Some critics of Christianity argue that Christianity is breeding bad work ethics in Ghana because many Christians leave their workplaces to go for prayer services. Others, basing their conclusions on certain practices by the Word of Faith movement, and by extension the Pentecostal and the charismatic movements, assert that the Christian community is made up of lazy people waiting for manna to fall from the skies, and then donating the money to their exploitative pastors.
They insist that unlike the reformers, Catholics and other evangelical communities, the Pentecostal and Charismatic Christians do not put any premium on hard work, but instead spend many hours praying for miracles to occur. Others also contend that the charismatic leaders' emphasis on miracles engenders passivity rather than a good work ethic.
There are two problems inherent in these kinds of hasty generalization. First, the Word of Faith movement does not constitute the whole Christian or Pentecostal community in Ghana. Second, the critics assume that the Word of Faith movement's teachings and practices are normative for all orthodox Christians. The idea that Christianity engenders laziness is not the result of a careful study of the Scriptures, or any Christian practice based on a solid teaching of Christian doctrine. The first part of this series will first, argue that laying the root cause of bad work ethics at the feet of Christianity blurs the distinctions in the definition of the problem in our policy analysis. Second, I intend to establish from the Scriptures that Christianity as a religion does not teach laziness, sloth or bad work ethics, but rather commands its adherents to consider work as creation ordinance. The second part of the series will show that Christian principles, where practiced from sound theological and exegetical perspective, lead to innovation, investment, productivity and prosperity.
The idea that Christianity engenders laziness and low productivity in Ghana is not a conclusion drawn from any reasonable premise. The reasoning behind such statements is based on neither deductive nor inductive reasoning. The fact that anyone, Christian or non-Christian, can leave the workplace without reprimand or consequences from their bosses should be an indictment against the kind of work ethics we have created as a nation. The most logical conclusion that any rational critic can draw is that there is no accountability in our public sector, rather than that Christianity is to blame for lack of responsibility and accountability in our workplaces. If Christianity is the cause of bad work ethics, then all Christian nations will have bad work ethics. However, the evidence from other Christian nations does not support this claim.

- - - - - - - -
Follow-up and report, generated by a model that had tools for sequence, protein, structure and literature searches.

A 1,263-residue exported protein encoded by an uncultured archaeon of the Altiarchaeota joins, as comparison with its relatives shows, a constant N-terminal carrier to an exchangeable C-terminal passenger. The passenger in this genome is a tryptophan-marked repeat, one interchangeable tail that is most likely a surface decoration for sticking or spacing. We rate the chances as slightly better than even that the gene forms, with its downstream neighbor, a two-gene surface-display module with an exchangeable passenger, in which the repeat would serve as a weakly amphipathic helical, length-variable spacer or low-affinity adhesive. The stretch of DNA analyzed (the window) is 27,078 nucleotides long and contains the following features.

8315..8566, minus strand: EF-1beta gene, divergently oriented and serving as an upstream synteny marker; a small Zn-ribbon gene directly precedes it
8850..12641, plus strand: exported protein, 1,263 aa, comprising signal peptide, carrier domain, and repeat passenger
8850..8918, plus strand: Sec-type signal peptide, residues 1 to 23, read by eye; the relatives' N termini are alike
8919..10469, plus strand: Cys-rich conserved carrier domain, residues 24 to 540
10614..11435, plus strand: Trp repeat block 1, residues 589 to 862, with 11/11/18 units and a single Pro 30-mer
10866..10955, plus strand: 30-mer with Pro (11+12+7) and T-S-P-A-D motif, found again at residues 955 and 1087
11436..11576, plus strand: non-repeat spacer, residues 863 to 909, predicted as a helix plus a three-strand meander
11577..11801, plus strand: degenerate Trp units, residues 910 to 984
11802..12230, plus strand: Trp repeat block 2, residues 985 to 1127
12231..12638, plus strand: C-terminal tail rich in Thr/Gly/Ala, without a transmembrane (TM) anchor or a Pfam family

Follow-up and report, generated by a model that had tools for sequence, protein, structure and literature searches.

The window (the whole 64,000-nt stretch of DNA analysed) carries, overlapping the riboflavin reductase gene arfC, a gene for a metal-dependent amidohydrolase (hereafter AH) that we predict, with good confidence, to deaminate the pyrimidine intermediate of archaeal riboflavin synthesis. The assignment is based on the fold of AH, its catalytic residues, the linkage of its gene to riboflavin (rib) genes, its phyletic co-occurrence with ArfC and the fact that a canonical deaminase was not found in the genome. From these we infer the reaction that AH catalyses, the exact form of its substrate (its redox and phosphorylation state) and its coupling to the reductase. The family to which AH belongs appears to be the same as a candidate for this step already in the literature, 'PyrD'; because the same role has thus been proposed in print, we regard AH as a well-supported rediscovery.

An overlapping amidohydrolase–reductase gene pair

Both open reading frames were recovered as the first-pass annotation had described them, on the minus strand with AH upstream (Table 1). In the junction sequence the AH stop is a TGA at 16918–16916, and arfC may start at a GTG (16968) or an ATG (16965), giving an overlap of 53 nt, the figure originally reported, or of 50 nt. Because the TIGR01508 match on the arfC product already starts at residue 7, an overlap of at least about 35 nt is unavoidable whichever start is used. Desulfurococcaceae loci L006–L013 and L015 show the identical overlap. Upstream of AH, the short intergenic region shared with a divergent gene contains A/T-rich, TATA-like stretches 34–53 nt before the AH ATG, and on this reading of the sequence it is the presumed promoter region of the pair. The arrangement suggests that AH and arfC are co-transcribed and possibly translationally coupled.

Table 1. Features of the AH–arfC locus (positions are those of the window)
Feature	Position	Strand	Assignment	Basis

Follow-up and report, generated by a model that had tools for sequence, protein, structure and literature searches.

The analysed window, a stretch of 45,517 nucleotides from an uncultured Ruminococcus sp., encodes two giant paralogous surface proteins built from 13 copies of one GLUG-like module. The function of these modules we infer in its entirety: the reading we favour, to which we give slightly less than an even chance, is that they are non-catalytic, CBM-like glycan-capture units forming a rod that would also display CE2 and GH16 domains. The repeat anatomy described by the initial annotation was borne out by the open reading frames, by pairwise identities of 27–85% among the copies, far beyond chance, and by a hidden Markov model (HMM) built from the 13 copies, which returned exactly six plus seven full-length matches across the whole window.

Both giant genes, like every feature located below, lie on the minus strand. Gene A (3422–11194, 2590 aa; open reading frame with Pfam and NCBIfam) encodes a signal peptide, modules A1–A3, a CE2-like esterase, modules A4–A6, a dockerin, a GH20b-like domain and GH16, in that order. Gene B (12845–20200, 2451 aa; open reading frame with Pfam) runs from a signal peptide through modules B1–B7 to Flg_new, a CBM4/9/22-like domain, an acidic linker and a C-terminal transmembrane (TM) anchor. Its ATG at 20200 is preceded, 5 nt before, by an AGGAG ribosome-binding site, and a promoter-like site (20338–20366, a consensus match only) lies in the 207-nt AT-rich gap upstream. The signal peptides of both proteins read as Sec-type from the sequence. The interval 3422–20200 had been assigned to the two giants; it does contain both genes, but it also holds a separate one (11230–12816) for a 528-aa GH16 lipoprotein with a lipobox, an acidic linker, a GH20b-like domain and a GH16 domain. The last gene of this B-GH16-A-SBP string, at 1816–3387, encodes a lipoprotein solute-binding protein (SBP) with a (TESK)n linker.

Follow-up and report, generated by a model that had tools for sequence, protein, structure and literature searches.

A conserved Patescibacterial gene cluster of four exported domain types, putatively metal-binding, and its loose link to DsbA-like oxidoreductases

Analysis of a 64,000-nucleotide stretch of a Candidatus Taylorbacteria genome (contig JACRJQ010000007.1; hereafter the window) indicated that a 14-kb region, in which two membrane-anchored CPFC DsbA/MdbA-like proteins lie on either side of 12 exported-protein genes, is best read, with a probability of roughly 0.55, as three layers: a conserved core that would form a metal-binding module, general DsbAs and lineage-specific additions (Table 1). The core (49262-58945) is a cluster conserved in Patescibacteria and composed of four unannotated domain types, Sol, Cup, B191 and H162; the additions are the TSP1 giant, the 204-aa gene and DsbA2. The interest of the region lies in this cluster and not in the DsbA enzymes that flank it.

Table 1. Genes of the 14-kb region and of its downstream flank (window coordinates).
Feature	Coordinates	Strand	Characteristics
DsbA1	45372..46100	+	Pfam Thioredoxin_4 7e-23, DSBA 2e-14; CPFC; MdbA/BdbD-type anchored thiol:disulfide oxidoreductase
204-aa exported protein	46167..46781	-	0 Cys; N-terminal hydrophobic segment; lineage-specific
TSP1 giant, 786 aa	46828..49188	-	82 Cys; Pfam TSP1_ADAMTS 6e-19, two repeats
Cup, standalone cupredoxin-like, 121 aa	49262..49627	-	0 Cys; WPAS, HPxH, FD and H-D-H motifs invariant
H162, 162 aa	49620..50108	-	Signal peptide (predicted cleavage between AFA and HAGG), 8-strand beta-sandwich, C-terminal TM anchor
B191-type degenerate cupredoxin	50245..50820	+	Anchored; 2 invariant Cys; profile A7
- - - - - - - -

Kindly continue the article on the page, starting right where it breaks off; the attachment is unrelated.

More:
Though Scripture declares that our God works miracles (Psalm 77:14), we are not promised that all of our worldly problems will be solved through supernatural means. The Lord has endowed us with wisdom and has given understanding to the mind. Thus, we are supposed to use our minds and our strength to deal with everyday routine problems. We are also admonished by Scriptures to work; even nuns and monks were not exempted from hard labor. St. Benedict formulated a rule for his monastery: Laborare est Orare, which means “To work is to pray.”
Christianity is getting bad press in Ghana because of the unbiblical practices of some Christians and their ministers. Some Ghanaian Christians behave as if it is a normative practice for the Christian God to rain manna from heaven all the time to feed His people. The raining of manna from heaven happened in an episode where God had to redeem His people from slavery and deliver them to the Promised Land under unique circumstances. We also hear of God using birds to feed Elijah, and the incident of Jesus feeding the multitudes. These are unique instances, however, never repeated in the rest of the Scriptures. We don't hear of New Testament Christians praying or camping somewhere to pray for manna or for the value of their currencies to rise; instead, we are commanded to work more than five days a week—six days out of seven.